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Media coverage of Cam has been largely a scam

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NFL: JAN 04 AFC Wild Card - Titans at Patriots Photo by Fred Kfoury III/Icon Sportswire via Getty Images

So, let me see if I have this right: all offseason, after Tom Brady left for Tampa Bay, and the New England Patriots didn’t add anyone at quarterback other than mediocre journeyman Brian Hoyer — that the Dolphins beat the Colts in Indy last year tells you all you need to know about Hoyer — the press has been singing the praises of New England’s presumed starter at QB, Jarrett Stidham.

Stidham, they said, was one of the most NFL ready quarterbacks to come out of the college ranks in years, which is, of course, why he lasted into the fourth round of the 2019 draft. Stidham didn’t even throw three passes in an NFL game before one of them was intercepted and returned for a touchdown, but that didn’t stop Chris Simms from Pro Football Talk from ranking him ahead of the Dolphins’ quarterback of the future, Tua Tagovailoa. I like Chris Simms; like his father, Phil, he’s a class guy. Unfortunately, in their ravenous quest for more traffic, and the resulting ad revenue, the press often distorts the truth.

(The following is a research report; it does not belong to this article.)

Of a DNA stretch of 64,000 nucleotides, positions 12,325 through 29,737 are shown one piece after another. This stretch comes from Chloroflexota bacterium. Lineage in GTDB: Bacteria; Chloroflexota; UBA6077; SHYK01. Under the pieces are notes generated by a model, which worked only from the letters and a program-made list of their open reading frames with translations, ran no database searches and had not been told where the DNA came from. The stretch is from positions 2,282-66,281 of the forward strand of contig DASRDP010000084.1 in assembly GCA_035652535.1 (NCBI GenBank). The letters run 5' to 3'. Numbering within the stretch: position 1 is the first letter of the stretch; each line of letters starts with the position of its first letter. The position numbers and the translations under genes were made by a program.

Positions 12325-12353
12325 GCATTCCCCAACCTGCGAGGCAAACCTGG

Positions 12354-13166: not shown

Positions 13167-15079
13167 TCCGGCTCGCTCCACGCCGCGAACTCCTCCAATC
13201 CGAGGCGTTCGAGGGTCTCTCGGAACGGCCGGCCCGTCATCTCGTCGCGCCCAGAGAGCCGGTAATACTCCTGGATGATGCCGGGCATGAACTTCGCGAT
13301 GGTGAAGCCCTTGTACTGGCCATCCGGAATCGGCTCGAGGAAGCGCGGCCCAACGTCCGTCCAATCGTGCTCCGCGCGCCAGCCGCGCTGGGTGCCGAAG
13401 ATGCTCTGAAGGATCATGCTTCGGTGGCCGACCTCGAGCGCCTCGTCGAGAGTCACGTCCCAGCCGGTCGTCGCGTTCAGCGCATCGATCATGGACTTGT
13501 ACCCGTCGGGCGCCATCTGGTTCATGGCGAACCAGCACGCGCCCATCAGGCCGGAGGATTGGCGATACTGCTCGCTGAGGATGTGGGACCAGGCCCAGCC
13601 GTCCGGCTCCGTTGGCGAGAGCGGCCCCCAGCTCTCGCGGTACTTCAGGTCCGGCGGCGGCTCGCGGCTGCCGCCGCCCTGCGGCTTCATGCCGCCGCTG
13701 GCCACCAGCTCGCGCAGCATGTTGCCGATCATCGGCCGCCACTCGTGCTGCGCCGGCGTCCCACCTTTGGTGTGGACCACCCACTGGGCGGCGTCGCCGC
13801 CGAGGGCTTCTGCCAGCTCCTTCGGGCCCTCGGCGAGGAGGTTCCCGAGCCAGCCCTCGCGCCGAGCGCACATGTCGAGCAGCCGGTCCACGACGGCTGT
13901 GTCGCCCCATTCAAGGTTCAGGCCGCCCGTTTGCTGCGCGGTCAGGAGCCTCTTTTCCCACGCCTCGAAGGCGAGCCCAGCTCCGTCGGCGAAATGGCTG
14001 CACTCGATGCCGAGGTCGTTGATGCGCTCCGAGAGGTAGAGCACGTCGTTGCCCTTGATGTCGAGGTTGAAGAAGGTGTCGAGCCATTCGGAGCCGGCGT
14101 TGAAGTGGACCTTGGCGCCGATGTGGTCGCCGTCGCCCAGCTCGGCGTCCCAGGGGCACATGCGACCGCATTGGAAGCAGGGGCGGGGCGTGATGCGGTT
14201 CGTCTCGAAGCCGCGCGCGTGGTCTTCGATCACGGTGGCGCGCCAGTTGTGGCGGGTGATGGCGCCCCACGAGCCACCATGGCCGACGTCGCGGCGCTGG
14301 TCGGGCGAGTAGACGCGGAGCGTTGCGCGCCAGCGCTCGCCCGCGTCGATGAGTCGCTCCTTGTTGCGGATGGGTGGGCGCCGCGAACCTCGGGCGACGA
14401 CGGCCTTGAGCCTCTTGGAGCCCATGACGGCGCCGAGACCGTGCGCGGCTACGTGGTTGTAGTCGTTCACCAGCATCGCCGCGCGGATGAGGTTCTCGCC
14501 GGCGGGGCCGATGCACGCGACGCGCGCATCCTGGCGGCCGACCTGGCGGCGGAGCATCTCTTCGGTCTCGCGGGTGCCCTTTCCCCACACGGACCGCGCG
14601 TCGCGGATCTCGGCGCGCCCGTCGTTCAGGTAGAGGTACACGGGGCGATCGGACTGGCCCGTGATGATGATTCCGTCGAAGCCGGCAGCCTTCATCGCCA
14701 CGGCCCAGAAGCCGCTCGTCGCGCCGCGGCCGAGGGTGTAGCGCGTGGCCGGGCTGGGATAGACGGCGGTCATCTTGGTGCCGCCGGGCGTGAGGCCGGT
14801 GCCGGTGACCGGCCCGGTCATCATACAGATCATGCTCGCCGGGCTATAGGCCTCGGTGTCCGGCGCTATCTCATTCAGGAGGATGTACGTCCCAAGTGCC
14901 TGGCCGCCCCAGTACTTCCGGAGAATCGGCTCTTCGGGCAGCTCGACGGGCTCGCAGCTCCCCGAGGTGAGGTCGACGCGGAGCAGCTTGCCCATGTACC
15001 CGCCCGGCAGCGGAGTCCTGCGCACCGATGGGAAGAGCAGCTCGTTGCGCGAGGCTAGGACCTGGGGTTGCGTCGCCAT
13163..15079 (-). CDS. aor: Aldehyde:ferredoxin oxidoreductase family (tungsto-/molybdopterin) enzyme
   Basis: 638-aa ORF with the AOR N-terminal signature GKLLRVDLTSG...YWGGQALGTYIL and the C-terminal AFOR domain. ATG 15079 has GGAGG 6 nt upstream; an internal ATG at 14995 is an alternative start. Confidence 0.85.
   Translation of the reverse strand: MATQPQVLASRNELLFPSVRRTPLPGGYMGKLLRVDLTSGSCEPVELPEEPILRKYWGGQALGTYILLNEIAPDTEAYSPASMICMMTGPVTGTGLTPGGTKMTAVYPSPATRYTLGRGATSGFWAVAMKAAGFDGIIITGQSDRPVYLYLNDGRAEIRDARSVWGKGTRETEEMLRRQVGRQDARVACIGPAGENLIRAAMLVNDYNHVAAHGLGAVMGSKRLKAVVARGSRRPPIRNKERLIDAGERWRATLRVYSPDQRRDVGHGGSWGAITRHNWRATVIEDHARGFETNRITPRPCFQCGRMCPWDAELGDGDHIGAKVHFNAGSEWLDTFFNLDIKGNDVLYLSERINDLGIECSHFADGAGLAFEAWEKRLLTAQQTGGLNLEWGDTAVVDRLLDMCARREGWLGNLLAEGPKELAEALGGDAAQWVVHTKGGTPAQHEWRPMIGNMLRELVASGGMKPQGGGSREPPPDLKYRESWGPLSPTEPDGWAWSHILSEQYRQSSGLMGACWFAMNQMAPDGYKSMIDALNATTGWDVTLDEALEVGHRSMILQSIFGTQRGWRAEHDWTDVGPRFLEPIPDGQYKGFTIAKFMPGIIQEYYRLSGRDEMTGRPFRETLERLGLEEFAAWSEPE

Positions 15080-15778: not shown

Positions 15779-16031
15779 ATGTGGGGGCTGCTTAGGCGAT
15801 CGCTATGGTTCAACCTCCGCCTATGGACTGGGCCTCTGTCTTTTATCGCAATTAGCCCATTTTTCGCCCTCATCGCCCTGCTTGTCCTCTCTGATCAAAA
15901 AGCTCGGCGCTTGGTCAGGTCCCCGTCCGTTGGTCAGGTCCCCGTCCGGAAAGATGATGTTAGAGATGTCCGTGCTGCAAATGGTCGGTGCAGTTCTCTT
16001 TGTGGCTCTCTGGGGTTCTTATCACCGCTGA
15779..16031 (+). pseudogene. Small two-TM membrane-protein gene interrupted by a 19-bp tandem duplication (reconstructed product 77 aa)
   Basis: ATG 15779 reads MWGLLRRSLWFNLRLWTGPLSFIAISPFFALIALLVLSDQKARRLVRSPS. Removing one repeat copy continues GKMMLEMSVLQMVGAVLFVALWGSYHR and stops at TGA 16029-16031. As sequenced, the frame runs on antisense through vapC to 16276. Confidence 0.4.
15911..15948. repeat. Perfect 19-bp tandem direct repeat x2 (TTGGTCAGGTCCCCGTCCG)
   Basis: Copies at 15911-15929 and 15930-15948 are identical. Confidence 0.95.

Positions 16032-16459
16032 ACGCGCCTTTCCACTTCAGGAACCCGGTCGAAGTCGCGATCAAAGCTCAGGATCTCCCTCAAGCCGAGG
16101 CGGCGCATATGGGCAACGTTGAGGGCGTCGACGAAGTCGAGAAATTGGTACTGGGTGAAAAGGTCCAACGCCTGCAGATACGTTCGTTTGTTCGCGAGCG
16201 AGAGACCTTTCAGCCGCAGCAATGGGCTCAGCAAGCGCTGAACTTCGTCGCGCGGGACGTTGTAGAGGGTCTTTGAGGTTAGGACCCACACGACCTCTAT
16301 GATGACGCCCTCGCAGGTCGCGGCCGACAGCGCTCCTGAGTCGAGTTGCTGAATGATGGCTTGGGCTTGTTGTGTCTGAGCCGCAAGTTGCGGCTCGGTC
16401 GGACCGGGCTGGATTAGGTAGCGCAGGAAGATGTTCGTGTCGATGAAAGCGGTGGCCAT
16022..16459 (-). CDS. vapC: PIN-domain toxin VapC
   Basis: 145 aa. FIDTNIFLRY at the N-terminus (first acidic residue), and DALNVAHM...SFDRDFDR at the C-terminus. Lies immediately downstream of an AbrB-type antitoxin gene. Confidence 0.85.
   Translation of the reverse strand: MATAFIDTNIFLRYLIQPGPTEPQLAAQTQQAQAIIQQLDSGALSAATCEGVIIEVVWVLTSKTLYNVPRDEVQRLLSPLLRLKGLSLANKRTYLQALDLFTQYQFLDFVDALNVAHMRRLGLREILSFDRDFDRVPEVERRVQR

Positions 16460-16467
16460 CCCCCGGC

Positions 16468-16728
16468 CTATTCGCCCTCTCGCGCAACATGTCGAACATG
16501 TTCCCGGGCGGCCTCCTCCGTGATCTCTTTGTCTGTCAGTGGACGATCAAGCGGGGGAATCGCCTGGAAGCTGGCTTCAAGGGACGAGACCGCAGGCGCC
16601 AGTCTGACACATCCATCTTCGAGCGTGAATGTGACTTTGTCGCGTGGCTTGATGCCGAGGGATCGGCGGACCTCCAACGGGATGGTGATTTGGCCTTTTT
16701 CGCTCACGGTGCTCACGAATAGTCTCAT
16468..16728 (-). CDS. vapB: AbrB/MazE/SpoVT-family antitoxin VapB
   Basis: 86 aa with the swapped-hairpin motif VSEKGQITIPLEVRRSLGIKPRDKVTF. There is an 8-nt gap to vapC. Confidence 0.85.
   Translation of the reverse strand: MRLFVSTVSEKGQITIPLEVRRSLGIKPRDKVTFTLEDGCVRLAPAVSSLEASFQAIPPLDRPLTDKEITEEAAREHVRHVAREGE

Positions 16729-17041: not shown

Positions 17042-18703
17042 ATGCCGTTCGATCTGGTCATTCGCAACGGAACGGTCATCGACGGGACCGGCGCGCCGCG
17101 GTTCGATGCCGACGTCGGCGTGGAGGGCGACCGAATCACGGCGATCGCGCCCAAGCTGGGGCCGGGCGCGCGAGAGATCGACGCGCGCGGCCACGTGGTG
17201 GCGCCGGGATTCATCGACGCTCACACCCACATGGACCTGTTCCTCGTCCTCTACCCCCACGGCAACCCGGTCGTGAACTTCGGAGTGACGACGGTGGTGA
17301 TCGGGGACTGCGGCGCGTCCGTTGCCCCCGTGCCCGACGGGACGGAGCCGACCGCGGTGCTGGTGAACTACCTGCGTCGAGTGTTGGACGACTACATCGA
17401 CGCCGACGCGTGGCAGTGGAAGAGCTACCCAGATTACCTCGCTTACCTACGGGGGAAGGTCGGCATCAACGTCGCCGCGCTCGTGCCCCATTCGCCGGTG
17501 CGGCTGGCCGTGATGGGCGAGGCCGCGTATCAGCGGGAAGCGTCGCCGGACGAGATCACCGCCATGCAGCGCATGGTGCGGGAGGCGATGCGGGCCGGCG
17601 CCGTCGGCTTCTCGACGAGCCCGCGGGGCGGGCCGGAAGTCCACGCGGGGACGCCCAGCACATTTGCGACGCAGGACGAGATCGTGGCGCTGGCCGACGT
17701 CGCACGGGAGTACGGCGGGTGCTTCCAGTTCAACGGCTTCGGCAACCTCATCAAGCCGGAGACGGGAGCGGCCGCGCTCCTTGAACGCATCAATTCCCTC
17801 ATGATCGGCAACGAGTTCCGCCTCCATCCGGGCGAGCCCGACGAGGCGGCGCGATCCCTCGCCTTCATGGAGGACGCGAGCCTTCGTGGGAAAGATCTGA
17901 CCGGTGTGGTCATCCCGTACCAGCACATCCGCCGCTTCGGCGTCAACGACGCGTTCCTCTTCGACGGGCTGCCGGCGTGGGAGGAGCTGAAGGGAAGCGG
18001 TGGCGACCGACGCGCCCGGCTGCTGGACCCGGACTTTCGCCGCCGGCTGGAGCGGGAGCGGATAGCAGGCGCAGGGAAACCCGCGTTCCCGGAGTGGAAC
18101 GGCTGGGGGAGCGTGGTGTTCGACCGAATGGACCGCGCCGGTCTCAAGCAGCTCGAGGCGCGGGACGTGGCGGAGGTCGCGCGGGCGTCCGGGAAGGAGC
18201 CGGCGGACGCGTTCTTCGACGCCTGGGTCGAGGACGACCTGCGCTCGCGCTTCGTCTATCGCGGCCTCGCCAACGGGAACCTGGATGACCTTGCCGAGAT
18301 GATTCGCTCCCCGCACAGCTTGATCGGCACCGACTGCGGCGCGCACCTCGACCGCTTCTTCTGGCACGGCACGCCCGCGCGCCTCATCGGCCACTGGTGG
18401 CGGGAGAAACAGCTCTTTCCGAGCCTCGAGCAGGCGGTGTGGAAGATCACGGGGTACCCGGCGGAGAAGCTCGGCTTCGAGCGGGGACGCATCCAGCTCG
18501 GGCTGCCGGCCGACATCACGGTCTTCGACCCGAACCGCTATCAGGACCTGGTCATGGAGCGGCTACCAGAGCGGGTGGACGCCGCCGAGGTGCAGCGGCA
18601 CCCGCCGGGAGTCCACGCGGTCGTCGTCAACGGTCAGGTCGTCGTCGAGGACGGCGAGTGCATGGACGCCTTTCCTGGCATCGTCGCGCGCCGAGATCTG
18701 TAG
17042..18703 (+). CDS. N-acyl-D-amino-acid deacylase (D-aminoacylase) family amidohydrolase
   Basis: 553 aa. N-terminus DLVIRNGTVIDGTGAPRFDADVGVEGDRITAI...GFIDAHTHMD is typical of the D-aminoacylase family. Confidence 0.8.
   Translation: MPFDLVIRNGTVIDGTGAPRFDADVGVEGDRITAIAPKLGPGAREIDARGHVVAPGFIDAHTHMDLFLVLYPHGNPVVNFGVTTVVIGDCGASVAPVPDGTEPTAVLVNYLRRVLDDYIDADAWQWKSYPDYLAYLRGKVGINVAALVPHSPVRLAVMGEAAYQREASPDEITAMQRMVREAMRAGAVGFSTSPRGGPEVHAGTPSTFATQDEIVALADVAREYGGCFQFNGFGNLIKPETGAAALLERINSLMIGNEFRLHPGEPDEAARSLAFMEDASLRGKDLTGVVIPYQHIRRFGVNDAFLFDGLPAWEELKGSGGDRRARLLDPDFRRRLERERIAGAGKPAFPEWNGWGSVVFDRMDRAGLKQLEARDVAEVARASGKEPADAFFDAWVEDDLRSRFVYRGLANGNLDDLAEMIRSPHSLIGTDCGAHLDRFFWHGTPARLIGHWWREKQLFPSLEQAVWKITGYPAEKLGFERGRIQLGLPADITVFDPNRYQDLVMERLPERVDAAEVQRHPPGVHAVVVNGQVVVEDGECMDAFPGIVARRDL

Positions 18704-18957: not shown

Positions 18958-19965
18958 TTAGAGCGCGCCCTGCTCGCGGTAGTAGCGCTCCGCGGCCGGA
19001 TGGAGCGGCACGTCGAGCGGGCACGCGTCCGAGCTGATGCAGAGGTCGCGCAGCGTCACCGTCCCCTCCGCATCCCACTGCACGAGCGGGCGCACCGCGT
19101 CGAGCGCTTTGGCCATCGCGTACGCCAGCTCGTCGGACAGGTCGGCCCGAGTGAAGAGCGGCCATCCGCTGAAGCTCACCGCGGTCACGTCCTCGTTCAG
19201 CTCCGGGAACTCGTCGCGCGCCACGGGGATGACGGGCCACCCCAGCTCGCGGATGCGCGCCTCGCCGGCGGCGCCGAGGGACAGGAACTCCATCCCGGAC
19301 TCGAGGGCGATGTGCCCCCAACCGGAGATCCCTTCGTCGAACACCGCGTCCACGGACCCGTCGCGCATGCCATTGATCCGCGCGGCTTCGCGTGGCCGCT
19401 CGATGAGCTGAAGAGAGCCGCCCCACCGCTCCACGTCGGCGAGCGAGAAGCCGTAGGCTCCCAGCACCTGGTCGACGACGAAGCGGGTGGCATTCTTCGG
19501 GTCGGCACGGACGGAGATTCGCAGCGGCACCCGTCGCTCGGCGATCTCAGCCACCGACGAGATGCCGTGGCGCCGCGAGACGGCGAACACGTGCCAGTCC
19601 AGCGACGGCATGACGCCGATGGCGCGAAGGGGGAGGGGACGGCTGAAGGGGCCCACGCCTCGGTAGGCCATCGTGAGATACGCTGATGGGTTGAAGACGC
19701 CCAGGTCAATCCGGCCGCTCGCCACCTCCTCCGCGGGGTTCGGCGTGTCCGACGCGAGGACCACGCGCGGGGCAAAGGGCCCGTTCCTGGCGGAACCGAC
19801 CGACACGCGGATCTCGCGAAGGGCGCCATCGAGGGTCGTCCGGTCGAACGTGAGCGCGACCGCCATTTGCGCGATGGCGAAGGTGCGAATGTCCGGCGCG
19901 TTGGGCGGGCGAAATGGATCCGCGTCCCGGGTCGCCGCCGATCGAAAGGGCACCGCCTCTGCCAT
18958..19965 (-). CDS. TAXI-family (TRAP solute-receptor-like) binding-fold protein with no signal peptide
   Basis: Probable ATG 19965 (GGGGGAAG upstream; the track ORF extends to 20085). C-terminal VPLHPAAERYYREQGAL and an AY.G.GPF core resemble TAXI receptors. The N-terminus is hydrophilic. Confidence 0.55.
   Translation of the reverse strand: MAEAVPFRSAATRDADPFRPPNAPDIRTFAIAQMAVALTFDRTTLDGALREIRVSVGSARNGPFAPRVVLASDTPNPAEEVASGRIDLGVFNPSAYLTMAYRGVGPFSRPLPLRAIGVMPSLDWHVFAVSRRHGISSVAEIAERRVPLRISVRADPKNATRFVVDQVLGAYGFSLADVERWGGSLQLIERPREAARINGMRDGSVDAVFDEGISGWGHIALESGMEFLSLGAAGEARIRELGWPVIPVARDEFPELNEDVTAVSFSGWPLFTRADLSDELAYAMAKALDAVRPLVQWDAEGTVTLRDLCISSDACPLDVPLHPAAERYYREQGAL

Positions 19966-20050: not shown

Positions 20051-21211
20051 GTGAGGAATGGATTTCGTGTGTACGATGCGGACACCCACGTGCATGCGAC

But if you thought the effusive praise being heaped on Stidham was a stretch, you ain’t seen nothin’ yet. The Patriots signed former league MVP and three time Pro Bowler Cam Newton this past week, and accordingly, the media has now charged off in a new direction, to try and portray New England as a bonafide Super Bowl contender. As you may have surmised by now, I obviously don’t share their enthusiasm. It says here that, just like last year, the Patriots won’t make it past the first round of the 2020 NFL playoffs. In fact, I think you could make a very strong case that Newton’s signing, when viewed through a wide angle, longer term lens, actually helps the Dolphins. While Cam Newton has been one of the greatest players in NFL history over the course of his career, he is little more than a stopgap player at this juncture, and New England has now been relegated to the fate of all but the top three or four NFL teams every year — trying to remain respectable and keeping themselves relevant. If New England wants to go all in on trying to reopen a window of opportunity that has already slammed shut, fine by me. That only means it will cause them to win a few extra games along the way, and make it that much harder to rebuild their foundation for future success.